In a similar spirit, the CCTV Code of Conduct (revised 2008) from the Information Commissioner’s Office recommends that operators generally shouldn’t record conversations:
But both these aim to govern the behaviour of organisations towards individuals, not the behaviour of individuals themselves. In 2008, the then Home Office minister Tony McNulty confirmed in response to photographers’ queries that:
If you’re a lone field recordist simply pursuing your hobby then you’d have to go to unusual and creepy lengths to fall foul of the law on privacy grounds. If a recordist persistently followed someone around to record everything they say, they could have an injunction brought against them on the grounds of harassment. This constitutes an outer limit to ‘no presumption of privacy’ and one which you’d hope no-one reading this intends pushing.
Otherwise what governs your behaviour will be a matter of personal belief, most likely an application of the Golden Rule to do unto others as you’d have them do unto you. For example, I don’t home in on private conversations and record them at great length, whether it’s people on the bus or sitting outside a pub, and certainly would not allow through anything which might help a stranger identify them. It’s a different matter when someone’s broadcasting their voice loudly with the aim of being heard by people they don’t know, such as with soapbox speakers.
If you want to see an example of a position worked out with both moral and legal implications in mind, the BBC’s editorial guidelines on privacy are worth reading.
Lastly, an intricate set of rules in the Telecommunications Act 1984 applies to recording telephone conversations, both on the public network and on more limited systems such as a company’s internal phone lines. The general gist of this, the Regulation of Investigatory Powers Act 2000 and related laws, is that it’s okay if you record a phone conversation you have with someone else, even without their consent, provided you don’t make the recording available to a third party. More extensive and detailed rules apply to organisations.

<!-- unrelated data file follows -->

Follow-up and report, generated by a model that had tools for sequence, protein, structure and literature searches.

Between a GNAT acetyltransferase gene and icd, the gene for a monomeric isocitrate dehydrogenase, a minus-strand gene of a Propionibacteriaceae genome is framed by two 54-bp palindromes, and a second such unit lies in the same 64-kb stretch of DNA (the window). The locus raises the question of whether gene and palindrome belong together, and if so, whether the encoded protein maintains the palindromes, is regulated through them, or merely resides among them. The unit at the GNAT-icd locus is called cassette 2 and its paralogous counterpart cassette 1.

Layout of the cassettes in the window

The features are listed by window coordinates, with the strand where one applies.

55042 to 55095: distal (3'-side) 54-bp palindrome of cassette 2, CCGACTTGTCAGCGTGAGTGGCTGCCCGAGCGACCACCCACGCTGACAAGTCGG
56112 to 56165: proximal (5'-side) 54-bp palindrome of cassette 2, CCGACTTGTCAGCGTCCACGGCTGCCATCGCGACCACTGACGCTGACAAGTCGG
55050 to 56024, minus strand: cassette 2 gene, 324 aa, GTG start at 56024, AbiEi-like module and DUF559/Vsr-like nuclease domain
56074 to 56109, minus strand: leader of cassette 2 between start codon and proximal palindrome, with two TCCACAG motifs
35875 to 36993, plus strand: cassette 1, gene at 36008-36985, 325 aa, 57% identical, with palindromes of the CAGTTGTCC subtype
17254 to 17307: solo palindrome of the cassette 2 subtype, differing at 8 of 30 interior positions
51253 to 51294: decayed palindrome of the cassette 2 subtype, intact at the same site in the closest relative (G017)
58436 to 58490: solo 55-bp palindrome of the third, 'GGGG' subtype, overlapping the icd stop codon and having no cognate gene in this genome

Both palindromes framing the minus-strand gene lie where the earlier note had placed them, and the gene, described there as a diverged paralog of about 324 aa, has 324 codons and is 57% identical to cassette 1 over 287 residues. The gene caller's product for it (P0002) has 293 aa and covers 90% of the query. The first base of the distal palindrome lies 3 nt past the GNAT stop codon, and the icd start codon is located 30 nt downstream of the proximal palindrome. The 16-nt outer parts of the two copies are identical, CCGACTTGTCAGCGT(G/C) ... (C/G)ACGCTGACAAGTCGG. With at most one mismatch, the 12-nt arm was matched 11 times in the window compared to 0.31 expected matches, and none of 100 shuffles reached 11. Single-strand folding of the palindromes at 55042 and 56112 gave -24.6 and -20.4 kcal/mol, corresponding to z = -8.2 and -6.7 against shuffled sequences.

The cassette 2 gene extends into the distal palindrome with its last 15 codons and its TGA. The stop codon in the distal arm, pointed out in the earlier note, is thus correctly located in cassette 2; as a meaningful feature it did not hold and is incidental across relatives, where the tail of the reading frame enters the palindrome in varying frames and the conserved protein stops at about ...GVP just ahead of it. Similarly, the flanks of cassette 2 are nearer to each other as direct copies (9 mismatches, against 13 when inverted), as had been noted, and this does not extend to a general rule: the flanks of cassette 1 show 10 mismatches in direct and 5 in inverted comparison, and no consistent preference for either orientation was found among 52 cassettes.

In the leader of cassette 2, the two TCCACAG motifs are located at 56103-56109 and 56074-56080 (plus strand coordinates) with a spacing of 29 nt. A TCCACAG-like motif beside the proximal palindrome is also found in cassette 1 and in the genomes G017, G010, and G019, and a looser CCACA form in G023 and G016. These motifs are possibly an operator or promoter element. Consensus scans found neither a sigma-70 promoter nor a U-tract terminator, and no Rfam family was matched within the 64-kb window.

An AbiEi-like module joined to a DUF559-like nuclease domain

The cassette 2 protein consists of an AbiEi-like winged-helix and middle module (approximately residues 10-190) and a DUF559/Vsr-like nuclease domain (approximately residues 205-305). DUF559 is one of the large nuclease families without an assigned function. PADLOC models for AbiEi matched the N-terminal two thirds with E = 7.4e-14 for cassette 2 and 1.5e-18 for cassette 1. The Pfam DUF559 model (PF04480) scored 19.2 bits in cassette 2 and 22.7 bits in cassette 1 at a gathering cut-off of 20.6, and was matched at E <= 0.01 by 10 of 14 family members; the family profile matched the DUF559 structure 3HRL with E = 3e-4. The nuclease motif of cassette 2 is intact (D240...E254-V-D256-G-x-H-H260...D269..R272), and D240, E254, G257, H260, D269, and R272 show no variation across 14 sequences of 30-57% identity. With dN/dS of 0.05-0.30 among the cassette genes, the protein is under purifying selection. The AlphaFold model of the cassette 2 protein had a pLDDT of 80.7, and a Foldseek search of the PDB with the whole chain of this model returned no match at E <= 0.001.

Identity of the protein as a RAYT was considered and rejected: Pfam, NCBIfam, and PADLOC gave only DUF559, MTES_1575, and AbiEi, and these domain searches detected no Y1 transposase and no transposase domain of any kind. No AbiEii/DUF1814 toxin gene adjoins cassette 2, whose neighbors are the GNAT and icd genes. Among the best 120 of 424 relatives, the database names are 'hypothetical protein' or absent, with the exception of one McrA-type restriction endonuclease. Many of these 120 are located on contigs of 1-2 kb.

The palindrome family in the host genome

Despite the universality of copyright, many still have only a hazy idea of its scope. For example, I’ve come across people who believe that they can string two or three words together and then copyright that combination, as used in a company name or other venture. Not so.
Such flaky opportunism might extend to the belief that copyright automatically applies to utterances. Again, this isn’t correct. The Copyright, Designs and Patents Act 1988 makes it clear that any kind of performance needs to be both original and established in a fixed medium before it can be copyrighted, for example by writing it down:
Field recordists have much more reason to be cautious around copyrighted music. Suppose you’re recording outdoors somewhere, and from a nearby house can be heard the muffled sounds of Cypress Hill’s Another Body Drops. The Copyright, Designs and Patents Act allows some limited exceptions with copyrighted works in general, such as for news reportage and what’s termed incidental inclusion. But Section 31 of the Act underlines the stringency with which this applies to musical works in particular:
Proving whether an inclusion is truly incidental or not might seem too much trouble for a copyright holder, but bear in mind any legal action resulting will occur in the sphere of civil law, where the standards of proof needed by whoever’s bringing the action are lower than those needed in criminal law.
In practice, rights holders have enough on their plates with worries about counterfeiting and mass filesharing. It’s not so much that, in your two-minute recording of a residential street in Lower Sydenham, about 15 seconds of Cypress Hill can be discerned. It’s more what you intend to do with the recording. The worst that’s likely to happen if you’re simply making the recording freely available through your own blog is a snotty cease-and-desist message from a solicitor. Whether you then choose to obey its terms or reject them is up to you, but it’s a bad idea simply to ignore it.
If in doubt, get advice. Look for a legal practice with a focus on intellectual property and see if you can at least get a free half-hour consultation – many firms will offer that service.